On Twitter, I was recently part of a discussion over how the ticket-buying public will behave when big-time American spectator sports are again open to fans.
When fans are free to attend Kentucky Wildcats games, other college events and NBA, MLB and NFL matchups, what will happen?
Will a pent-up demand for normalcy lead to throngs of fans packing our nation’s major sports venues the first chance they get?
Or will the combination of the lingering threat of COVID-19 plus the economic dislocation caused by the government-mandated shutdowns of American businesses lead to persistently smaller crowds?
In the current vacuum without live sports, there are metrics that suggest how much the games are missed.
The TV ratings for ESPN’s telecast of the WNBA Draft on April 17 were up 123% over 2019.
In its first two installments shown last Sunday night, ESPN’s 10-part Michael Jordan film, “The Last Dance,” drew the largest audience ever for a documentary on that network, an average of 6.1 million viewers.
Thursday night’s first-round of the 2020 NFL Draft also drew 6.1 millions viewers on ABC alone. That is more than 1.5 million viewers more than the 2019 first round drew — and does not include the multi-platform numbers.
People, clearly, are seeking a sports fix. But will that translate into game attendance once that again is possible? Seeking theories, I surveyed some prominent Kentucky sports figures.
“I think (sports fans) will come back as soon as they can,” says Kenny Rice, the NBC Sports television reporter who lives in Lexington. “I definitely think people are going to be clamoring to get back to doing something, and sports will be a big part of it.”
Alan Stein, the Lexington-based, former minor league baseball executive/team owner, is not so sure.
‘I think there will be an initial euphoria about going back to (ballgames),” Stein says. “I believe it will wane quickly and be a very tepid rebuild to get back to where we were. I don’t think it will even come close to that until and unless we get a vaccine for this thing.”
Whether the public has confidence in its safety as part of crowds when the quarantine ends — whether that is the result of an effective coronavirus vaccine or some other measure — is the key to the successful relaunch of fan-attended sporting events, Kentucky Speedway General Manager Mark Simendinger says.
“I think once people gain the confidence to know they can congregate, I think people will choose to congregate,” Simendinger says. “People enjoy (being in a crowd), they miss that.”
As of April 23, a whopping 26 million Americans had filed for unemployment since the coronavirus-containment shutdowns of businesses began.
Given those grim numbers, one would surmise that the level of disposable income available to buy sports tickets will not be the same as before the pandemic.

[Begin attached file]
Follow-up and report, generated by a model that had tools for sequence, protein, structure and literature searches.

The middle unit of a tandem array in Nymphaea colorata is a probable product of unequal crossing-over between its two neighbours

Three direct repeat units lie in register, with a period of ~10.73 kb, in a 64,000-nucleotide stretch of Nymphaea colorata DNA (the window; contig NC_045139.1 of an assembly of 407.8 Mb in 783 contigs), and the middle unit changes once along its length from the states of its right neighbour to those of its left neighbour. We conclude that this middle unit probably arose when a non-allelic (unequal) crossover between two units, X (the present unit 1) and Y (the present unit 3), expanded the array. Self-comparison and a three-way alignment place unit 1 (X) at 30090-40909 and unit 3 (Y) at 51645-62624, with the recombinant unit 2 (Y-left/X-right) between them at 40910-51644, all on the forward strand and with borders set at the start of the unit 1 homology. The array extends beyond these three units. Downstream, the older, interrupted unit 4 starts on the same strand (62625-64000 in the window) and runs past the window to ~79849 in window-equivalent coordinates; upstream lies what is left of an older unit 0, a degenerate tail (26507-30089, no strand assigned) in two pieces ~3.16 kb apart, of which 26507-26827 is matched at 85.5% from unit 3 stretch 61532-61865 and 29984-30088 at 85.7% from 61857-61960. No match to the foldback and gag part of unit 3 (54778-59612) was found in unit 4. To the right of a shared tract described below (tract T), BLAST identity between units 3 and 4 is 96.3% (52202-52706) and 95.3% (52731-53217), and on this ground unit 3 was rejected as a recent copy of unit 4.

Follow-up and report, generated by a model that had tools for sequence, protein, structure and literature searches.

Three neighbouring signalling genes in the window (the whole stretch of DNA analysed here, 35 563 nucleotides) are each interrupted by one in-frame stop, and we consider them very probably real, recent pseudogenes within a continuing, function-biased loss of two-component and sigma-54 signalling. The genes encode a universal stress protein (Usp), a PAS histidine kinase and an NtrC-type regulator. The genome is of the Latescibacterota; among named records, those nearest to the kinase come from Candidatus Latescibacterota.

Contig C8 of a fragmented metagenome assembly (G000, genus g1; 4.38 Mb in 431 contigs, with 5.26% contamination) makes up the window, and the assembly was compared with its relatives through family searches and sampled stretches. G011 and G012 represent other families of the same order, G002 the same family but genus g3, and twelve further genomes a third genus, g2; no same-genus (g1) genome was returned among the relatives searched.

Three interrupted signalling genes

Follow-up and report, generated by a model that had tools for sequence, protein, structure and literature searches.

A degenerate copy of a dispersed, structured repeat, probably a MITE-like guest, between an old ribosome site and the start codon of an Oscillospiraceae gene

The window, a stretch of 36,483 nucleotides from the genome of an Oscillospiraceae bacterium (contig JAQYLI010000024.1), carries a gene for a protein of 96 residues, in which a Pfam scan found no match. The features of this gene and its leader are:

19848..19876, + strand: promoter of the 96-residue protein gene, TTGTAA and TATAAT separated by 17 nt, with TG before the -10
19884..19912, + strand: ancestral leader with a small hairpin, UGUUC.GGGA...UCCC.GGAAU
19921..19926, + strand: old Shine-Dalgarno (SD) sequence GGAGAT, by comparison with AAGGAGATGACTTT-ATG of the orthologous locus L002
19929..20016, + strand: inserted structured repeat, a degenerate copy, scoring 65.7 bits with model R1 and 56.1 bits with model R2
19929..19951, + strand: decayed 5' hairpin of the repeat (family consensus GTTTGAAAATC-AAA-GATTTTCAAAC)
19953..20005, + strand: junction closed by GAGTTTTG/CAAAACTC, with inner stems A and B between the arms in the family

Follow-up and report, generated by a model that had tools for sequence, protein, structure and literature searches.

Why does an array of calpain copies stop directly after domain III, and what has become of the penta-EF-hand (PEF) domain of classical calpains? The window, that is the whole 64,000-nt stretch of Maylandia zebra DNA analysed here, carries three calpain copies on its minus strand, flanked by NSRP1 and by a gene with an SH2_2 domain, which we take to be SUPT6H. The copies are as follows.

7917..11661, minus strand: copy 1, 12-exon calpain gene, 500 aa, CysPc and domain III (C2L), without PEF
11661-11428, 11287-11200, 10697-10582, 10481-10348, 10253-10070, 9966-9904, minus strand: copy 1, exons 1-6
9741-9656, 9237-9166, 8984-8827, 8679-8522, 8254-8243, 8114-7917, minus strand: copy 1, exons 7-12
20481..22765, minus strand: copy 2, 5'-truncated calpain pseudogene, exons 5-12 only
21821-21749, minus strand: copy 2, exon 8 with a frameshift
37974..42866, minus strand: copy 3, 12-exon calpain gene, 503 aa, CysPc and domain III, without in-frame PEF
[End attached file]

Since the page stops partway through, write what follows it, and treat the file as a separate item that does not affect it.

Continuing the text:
“I will be shocked (if the current economic distress) doesn’t have an impact on virtually every spending decision,” Simendinger says, “whether it has to do with sports or entertainment or even just purchasing in general.”
If there is a positive in the current situation, Simendinger says, it is that once the various state governments start allowing businesses to operate again “you can’t open things back up without (re-hiring) some employees. So you will immediately have some people, at least, coming back.”
Stein says his father and the generation that survived the Great Depression were impacted by that experience for the rest of their lives. “Those who lived through the Depression were much more parsimonious, much more conservative (with money), even as the economy grew stronger and they did well in life,” he says.
Stein thinks young people now going through the current economic tumult might be affected in a similar manner. “Even when we have recovered from this, which we will, I think there may be an attitudinal change about how we spend and what we spend on,” Stein says.
In the meantime, it seems possible that major American pro sports will recommence at some point this summer with no fans in the stands.
“We may have a summer full of football and baseball being played in empty arenas for the sake of television,” Stein says. “If that happens, and those habits get ingrained, that’s a very dark prospect for spectator sports as we know them.”
Against these headwinds, we will have to see if the rush of adrenaline that comes with being a part of big-game crowd and the fun of spending time with buddies in the stands will still put fans in seats in traditional numbers.
“The whole camaraderie thing is as much a part (of the experience) as watching the game or the horse race you are attending,” says NBC’s Rice. “That’s the biggest part of it, to share it with your friends.”
A Notre Dame graduate, Simendinger says he has spent part of his time during quarantine watching video of the epic Fighting Irish men’s basketball upset of No. 1 UCLA in 1974 that ended the Bruins’ 88-game win streak.
“You watch all the Notre Dame people storm the court, it’s the crowd that makes (the moment) great,” Simendinger says. “That’s what people miss, and that’s what they will want to be part of again.”
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